Supreme Court denies MLB request to dismiss lawsuit seeking increased minor league wages

The Supreme Court on Monday denied Major League Baseball's request to dismiss a class certification in a lawsuit filed on behalf of minor league players, paving the way for a case in which players seek to receive compensation commensurate with hours worked.

The case of Senne v. Royals, filed originally in 2014 on behalf of former minor league player Aaron Senne, expanded to encompass thousands of past and present players who were not paid during spring training or received salaries below the poverty line.

"The ultimate goal is pretty simple: to get MLB to comply with the same laws that Walmart and McDonald's comply with," said Garrett Broshuis, the attorney and former minor league player who filed the initial lawsuit. "Whenever they ask players to go to spring training, they should be paying their employees for it. During a season, there's no reason for players to be making $7,500 or $8,000 a year."

Minor league players long have been paid below minimum wage for the number of hours worked. Had the minor league season not been canceled in 2020, Triple-A players would have received $700 per week played, Double-A players $600, Class A players $500 and Rookie League and short-season players $400 -- and that constituted a significant bump from the previous year, in which lower-level players topped out at $290 a week. Even with the raises, some players still would have been paid less than $5,000 for a full season.

The U.S. Court of Appeals for the Ninth Circuit in August 2019 allowed the lawsuit to proceed as a class action. Former players are seeking back pay and current players rules to pay them for hours worked.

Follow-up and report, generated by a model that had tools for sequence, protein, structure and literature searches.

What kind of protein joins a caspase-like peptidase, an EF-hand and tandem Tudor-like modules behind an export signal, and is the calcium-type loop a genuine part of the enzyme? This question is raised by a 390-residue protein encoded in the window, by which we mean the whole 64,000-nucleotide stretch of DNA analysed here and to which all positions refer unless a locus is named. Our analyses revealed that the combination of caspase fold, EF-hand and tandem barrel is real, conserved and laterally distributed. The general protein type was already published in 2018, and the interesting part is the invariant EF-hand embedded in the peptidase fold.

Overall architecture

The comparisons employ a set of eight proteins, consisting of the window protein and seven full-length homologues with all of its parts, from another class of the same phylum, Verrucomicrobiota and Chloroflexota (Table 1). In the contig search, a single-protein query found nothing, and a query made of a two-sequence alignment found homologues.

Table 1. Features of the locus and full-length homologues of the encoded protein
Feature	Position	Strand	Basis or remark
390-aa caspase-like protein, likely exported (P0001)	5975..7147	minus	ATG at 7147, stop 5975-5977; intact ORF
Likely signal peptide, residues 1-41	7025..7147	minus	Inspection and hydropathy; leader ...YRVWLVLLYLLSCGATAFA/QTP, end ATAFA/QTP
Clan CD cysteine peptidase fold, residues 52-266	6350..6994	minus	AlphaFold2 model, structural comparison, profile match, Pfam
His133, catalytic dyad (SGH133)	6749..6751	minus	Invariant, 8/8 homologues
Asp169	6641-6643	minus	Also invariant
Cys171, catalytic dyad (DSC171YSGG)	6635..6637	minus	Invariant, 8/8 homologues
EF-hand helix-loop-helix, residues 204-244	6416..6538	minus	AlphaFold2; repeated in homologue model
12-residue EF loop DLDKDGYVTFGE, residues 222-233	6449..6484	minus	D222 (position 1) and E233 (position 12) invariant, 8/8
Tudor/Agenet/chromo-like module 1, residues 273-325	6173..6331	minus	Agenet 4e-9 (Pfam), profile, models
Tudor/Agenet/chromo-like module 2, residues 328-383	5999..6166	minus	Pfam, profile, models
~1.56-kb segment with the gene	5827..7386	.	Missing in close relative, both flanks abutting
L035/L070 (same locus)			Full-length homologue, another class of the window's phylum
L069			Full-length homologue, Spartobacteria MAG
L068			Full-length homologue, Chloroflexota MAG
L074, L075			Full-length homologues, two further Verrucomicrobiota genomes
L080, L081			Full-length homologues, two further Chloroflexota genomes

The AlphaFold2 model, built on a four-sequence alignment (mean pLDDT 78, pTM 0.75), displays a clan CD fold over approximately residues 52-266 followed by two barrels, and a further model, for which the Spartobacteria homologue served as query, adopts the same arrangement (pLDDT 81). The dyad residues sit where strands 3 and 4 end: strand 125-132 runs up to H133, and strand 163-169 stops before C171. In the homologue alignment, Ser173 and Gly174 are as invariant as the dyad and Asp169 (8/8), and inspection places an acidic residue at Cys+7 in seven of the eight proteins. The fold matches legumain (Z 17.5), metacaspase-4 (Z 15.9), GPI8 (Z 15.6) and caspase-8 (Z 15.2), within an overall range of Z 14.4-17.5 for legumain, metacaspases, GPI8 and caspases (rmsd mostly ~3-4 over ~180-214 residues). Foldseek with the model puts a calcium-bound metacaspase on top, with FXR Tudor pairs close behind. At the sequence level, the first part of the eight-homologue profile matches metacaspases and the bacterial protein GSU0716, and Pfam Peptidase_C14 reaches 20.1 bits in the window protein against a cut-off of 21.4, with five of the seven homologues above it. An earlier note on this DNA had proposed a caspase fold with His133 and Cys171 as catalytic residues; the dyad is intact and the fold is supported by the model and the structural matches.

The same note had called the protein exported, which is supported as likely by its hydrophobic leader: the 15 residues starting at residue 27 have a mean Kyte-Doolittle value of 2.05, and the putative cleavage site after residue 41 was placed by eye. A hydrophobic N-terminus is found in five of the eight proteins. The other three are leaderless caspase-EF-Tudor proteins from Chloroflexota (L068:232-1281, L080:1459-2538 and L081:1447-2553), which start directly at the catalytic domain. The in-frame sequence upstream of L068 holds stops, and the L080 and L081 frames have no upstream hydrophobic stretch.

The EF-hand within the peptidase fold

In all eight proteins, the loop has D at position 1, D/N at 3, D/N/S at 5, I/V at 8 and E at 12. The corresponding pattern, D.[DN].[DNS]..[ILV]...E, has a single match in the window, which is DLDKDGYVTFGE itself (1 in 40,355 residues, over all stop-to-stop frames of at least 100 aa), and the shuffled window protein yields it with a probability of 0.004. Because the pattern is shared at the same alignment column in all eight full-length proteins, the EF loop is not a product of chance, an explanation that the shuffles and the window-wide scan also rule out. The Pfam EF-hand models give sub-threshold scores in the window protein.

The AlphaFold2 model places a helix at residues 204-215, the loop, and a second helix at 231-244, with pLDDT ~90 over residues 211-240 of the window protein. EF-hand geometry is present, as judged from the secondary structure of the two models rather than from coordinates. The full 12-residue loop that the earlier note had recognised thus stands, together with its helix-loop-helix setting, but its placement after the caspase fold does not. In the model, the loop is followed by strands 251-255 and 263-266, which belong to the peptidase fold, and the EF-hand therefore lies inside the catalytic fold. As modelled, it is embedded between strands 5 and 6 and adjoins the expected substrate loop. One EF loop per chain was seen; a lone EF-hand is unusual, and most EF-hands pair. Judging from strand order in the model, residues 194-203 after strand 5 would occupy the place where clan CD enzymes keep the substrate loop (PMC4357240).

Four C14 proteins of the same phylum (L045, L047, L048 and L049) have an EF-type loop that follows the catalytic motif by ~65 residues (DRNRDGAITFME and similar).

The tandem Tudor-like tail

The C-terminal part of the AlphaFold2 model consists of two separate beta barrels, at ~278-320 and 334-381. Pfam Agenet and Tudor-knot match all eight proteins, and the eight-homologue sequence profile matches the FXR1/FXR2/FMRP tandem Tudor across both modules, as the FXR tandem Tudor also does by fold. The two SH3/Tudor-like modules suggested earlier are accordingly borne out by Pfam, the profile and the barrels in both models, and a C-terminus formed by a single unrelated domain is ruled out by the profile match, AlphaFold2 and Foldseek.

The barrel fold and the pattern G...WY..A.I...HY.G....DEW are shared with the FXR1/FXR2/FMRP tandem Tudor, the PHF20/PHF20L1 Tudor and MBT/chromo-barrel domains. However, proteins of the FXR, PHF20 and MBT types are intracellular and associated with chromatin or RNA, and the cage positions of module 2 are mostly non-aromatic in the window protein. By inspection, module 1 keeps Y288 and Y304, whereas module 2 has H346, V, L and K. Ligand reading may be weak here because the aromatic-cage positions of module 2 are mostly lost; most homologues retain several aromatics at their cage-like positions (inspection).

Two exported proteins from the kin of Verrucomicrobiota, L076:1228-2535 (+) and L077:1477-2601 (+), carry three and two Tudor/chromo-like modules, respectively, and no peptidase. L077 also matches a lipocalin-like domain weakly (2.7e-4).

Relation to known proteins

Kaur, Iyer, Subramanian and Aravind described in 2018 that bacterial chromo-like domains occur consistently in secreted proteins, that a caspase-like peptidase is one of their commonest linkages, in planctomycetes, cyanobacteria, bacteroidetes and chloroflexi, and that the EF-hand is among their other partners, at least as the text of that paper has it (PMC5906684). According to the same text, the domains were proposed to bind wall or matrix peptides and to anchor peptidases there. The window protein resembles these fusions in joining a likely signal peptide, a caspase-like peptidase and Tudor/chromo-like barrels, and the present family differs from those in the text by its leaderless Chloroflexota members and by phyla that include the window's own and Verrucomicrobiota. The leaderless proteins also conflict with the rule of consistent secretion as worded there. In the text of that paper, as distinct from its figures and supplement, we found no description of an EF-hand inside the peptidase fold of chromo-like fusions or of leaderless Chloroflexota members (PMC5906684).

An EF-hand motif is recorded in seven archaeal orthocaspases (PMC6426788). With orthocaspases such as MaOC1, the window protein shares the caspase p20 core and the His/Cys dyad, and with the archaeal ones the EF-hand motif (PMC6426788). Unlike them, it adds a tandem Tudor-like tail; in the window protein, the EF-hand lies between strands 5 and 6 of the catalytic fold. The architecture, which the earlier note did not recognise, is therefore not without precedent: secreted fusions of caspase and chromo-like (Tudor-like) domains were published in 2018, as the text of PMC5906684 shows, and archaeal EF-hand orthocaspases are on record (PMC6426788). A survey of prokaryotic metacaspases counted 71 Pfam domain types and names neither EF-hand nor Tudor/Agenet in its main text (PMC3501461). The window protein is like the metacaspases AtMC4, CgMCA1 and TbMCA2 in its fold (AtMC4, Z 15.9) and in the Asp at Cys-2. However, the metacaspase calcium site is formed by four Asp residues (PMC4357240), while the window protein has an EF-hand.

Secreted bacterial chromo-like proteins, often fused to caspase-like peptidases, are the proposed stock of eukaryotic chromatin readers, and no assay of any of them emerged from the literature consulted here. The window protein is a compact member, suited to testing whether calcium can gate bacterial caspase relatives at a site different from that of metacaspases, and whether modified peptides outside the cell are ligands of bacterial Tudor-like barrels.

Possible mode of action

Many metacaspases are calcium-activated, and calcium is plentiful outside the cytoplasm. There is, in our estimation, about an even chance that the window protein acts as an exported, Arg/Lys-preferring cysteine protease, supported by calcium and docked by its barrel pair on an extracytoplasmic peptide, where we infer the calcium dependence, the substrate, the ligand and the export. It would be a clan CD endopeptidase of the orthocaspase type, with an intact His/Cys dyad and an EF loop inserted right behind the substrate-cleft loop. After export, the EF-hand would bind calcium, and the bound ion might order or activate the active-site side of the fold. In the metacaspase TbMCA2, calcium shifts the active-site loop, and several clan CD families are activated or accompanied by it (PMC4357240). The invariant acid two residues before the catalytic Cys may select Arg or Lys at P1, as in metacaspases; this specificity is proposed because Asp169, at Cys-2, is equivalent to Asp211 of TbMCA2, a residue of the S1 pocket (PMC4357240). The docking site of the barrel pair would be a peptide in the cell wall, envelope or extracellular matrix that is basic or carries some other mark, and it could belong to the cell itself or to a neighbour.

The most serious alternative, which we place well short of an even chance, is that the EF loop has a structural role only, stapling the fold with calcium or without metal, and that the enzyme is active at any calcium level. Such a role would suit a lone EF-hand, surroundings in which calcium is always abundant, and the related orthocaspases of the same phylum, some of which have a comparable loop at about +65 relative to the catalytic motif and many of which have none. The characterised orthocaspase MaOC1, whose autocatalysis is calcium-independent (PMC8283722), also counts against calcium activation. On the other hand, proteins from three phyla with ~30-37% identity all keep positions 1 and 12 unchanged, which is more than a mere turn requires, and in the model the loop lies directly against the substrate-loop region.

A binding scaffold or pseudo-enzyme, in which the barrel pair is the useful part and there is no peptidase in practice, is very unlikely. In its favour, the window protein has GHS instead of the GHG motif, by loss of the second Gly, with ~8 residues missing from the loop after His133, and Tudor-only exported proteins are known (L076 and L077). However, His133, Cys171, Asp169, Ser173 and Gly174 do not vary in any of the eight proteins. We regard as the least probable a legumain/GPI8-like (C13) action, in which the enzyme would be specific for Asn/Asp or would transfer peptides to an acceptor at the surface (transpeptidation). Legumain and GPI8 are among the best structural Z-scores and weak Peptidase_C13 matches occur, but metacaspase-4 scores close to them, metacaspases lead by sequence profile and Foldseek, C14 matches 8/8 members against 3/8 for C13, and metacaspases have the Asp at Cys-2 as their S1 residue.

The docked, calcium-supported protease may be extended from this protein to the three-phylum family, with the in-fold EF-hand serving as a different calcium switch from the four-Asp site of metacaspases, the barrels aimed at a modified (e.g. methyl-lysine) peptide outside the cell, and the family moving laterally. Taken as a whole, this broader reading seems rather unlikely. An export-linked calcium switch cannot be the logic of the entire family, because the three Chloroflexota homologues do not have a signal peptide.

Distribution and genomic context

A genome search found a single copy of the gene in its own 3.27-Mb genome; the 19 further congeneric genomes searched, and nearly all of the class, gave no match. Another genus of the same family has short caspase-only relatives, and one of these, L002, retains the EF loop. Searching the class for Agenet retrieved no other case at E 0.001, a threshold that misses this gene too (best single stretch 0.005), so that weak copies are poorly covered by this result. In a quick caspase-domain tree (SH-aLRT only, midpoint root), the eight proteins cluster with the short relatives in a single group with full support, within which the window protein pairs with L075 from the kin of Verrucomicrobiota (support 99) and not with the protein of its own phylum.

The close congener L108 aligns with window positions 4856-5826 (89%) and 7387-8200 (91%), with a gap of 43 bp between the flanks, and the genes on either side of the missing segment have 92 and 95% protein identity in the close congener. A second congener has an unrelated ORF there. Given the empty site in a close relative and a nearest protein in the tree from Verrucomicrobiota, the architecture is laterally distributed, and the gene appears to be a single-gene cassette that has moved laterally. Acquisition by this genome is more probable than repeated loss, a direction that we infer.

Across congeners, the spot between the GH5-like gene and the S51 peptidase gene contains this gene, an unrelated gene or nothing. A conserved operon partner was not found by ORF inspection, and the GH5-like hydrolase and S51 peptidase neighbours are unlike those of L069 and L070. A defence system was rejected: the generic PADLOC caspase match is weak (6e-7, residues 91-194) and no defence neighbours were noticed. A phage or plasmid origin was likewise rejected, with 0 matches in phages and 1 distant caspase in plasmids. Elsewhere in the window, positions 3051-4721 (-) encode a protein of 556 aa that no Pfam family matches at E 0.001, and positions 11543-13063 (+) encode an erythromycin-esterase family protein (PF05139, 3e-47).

In 2018, lawmakers included the Save America's Pastime Act, which stripped minor leaguers of minimum wage protection, in a $1.3 trillion omnibus spending bill. Though players typically work more than 60 hours a week in season, the law called for them to be paid minimum wage for 40 hours a week "irrespective of the number of hours the employee devotes to baseball-related activities."

"The Save America's Pastime Act was a horrible act," Broshuis said. "It was a misnomer. There was never a need for it."

With federal protections limited, the Ninth Circuit ruling allowed players in California, Arizona and Florida -- the sites of dozens of teams and all spring training facilities -- to join the class. No players, including major leaguers, receive salaries during spring training, though MLB players negotiate through the MLB Players Association the terms of their payment. No union for minor league players exists, and they have also not been paid in instructional league, which takes place after the season.

Minor league baseball is in the midst of a fundamental overhaul, with a quarter of the 160 teams expected to be contracted and short-season leagues leaving affiliated baseball and being repurposed as amateur development leagues. The Professional Baseball Agreement between MLB and Minor League Baseball expired at the end of September, and the expectation is that MLB will take control of the minor leagues, as it is currently negotiating with minor league owners on a new working arrangement, according to sources.

The lawsuit, which had undergone discovery proceedings prior to the appeal, will resume in the coming months.